During the Naruto series, some characters use individual catchphrases or verbal tics for different reasons, like reflecting their personality.
Dattebayo, Dattebane and Dattebasa
Naruto's catchphrase is used at the end of most of his sentences as a way of making his speech unique. Naruto inherited this from his mother Kushina, who would instead use the catchphrase when she got excited or angry, something she had hoped her son would not inherit. Naruto's son, Boruto, also inherited a variation of this verbal tic.
Dattebayo and its variants have no literal English translation; however, "Believe It!" was used in the English dub whenever Naruto is making a big statement to keep a similar tone in the English version of the series. It is also used to match the lip movements from the original Japanese release. Around the start of the Chūnin Exams, however, "Believe it" fell out of use.
Usuratonkachi (ウスラトンカチ) is a catchphrase used by Sasuke Uchiha about his team-mate Naruto in a derogatory way. Sasuke has used this phrase since the Academy and most of his time on Team 7, but after facing his brother, Sasuke stopped using it, symbolising his detachment from his team.
"Usuratonkachi" loosely means "thin hammer" and is used in a derogatory way on a person that is perceived as "useless".
Shannarō and Shannarōyō
Shannarō (しゃーんなろー) and Shannarōyo (しゃーんなろーよ) are catchphrases used by Sakura Haruno and her daughter Sarada Uchiha, something both would shout either when being too angry or excited, such as (in Sakura's case) when being annoyed by Naruto's behaviour.
In Part I, the phrase was often used by Inner Sakura (内なるサクラ, Uchi Naru Sakura).
Shannarō and Shannarōyo have no literal meaning, but can, depending on the situation, translate into Hell yeah!, Hell no!, or Damn it!. In the English dub, the phrase was replaced by a forceful Cha, which Sakura has a unique way of saying.
Shikamaru purposely uses this phrase to toss his point across that he's the type that would rather watch clouds all day than pick a fight, especially with a female opponent. He most likely "inherited" this attitude and catchphrase from his father, since his mother has a more active attitude, which he and his father sometimes find "bothersome". It can be assumed that this is the exact case with Shikamaru's and Temari's son Shikadai as well, as he too picked up this verbal tic.
In proper short-form Japanese, the phrase is mendōkusai (面倒くさい, 面倒臭い), however, Shikamaru has a habit of slurring the word, saying it with an "ē" instead of "ai". This is also the shortest possible form, making "mendokusē" an extremely rude way to say "troublesome". The proper, polite/neutral form is mendōkusai desu (面倒くさいです).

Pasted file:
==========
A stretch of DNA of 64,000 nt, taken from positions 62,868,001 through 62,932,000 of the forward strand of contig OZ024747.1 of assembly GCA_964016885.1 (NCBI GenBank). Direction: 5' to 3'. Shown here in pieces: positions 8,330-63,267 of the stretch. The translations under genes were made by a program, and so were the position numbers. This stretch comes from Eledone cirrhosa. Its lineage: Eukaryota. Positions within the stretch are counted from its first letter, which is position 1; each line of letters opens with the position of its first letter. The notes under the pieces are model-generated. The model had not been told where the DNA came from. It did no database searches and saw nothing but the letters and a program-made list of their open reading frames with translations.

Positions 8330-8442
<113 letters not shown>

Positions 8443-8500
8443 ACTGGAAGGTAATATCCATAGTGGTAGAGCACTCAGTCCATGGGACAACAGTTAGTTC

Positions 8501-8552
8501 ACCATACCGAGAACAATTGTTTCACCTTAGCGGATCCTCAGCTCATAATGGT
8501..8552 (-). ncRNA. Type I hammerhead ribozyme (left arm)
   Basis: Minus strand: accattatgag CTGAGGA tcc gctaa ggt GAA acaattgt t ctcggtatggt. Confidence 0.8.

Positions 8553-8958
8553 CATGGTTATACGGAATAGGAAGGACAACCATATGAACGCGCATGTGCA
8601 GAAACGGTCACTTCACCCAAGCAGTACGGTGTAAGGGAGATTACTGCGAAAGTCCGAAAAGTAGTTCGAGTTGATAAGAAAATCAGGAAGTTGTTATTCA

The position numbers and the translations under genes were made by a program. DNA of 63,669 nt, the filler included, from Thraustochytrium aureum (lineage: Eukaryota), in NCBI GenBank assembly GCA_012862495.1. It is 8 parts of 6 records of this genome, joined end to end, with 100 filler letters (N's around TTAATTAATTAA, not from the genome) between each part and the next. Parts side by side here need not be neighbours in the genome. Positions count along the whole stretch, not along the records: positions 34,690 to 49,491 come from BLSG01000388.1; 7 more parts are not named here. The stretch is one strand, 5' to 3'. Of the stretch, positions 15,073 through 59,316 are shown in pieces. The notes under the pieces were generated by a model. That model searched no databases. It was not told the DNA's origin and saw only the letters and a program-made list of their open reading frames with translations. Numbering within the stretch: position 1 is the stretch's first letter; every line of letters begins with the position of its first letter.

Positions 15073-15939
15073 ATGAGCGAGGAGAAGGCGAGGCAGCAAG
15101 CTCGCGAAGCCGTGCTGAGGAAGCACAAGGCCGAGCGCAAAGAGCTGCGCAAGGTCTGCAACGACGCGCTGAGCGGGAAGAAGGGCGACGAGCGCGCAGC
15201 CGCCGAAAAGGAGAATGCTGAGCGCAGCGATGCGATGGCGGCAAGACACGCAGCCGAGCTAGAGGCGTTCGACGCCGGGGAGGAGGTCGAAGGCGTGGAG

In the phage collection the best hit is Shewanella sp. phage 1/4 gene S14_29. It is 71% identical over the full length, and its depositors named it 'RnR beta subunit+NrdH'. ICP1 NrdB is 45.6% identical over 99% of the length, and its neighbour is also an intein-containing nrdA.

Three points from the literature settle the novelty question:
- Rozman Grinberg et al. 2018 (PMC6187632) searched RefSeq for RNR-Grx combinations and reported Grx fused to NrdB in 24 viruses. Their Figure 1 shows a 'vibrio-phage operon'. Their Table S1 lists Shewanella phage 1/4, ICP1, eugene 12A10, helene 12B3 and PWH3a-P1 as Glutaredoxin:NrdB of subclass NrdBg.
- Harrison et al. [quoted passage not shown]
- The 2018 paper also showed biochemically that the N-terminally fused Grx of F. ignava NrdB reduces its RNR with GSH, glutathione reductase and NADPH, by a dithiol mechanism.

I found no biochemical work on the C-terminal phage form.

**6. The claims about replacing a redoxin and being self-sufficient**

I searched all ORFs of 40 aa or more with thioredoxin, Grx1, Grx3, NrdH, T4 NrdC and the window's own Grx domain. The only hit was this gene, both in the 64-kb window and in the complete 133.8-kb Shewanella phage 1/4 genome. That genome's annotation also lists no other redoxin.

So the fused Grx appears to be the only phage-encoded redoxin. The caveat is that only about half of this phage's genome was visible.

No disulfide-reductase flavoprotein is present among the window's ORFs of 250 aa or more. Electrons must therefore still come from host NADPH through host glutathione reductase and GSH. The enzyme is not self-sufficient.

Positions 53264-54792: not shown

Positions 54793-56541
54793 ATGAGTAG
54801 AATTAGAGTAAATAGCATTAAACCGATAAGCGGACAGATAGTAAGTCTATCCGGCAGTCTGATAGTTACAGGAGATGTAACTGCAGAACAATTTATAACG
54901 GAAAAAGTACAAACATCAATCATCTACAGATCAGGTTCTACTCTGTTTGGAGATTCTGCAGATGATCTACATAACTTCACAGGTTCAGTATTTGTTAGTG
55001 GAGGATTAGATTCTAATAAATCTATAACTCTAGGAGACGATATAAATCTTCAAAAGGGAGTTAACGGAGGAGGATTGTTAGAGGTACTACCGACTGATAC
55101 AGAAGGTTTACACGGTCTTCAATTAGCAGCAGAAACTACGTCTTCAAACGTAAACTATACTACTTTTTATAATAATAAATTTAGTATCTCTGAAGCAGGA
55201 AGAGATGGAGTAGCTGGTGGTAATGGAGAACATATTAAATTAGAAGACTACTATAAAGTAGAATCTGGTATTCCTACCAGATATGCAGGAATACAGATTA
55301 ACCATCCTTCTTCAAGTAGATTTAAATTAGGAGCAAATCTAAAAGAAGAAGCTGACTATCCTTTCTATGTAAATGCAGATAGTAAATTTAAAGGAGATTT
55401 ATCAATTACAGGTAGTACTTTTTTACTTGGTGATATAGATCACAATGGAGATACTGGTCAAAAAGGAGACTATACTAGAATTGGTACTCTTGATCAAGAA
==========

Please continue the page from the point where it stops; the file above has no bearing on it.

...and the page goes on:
Bakayarō! Konoyarō! (バカヤロー!コノヤロー!) is a catchphrase used by Killer B. It is often put after his sentences, especially when referring or talking to others, and expressed, like his normal speech pattern, as a rap.
The catchphrase could be loosely translated into "Fool! That Guy!" in a derogatory way, which however does not necessarily mean an insult, as B uses it for both foes and friends alike. The fact that the phrase is written in katakana instead of kanji or hiragana supports the strong emphasis of the phrase.
Mata Kondo Da
Mata Kondo Da (また今度だ, Literally meaning: "Again, next time") is a catchphrase used by Itachi and later Sasuke Uchiha. Itachi would use this phrase whenever he was unable to spend time with Sasuke and would usually follow it up with a poke to his younger brother's forehead.
Moments before his death, Itachi modified his catchphrase in his final words to Sasuke, saying "Forgive me Sasuke… …It ends with this" (「許せサスケ……これで最後だ」, "Yuruse Sasuke… …Kore de saigo da"). Like before, he ended this by poking his brother's forehead before finally passing away.
Likewise, after his battle with Naruto, and just before leaving the village on his journey of redemption, Sasuke begins to use his late brother's catchphrase. When Sakura asks to accompany him on his journey, he refuses her but pokes her forehead and recites the phrase before leaving.
- Konohamaru Sarutobi often ends his sentences with a "kore" (コレ), which could be translated into "hey", "oi" or "yo" and is usually used to get the attention of one's equals or inferiors.
- Deidara and Zaku Abumi often ended their sentences with "un" (うん), roughly translated as "yeah" or "hm".
- The Kōkinjō determines the word used the most by the one touched by it, with the Shichiseiken openly showing it. So far, the most used words of four characters are known:
- According to Atsui, he created a big collection of catchphrases.
- Madara Uchiha often used the term "to dance" (踊る, odoru) while referring to battles. In the anime, he also once used the synonym "舞う" (mau).
- Fū often ended her sentences with a "ssu" (っす).
- The First Raikage ended his sentences with a "Yo" (よ).
- Hinoko tends to end her sentences with a "you know".
- Magire uses the term "that's all" (以上です, ijō desu) at the end of his sentences.
- Since chapter 492 and Naruto: Shippūden episode 243, 'Dattebayo" has been translated as "you know" and more loosely as "ya know" when used by Killer B. Kushina's "(Da)ttebane" has been translated in a likewise manner.
- In the Japanese version of Naruto episode 101, when Sakura tries to scare away the Moya Triad, she uses Naruto's "Dattebayo!".
- After being tricked by Naruto and Killer B, Yamato used B's catchphrase in his anger.
- It is revealed in Shikamaru Hiden that when Shikamaru is going through the relationship with Temari, even after they get married, Temari often imitates him by saying this catchphrase to make fun of him.
- In The Day Naruto Became Hokage, Konohamaru had to suppress his own verbal tic and imitate Naruto's at the same time while speaking in his stead. In the anime, Naruto had to suppress his own verbal tic as well while being disguised as Sasuke.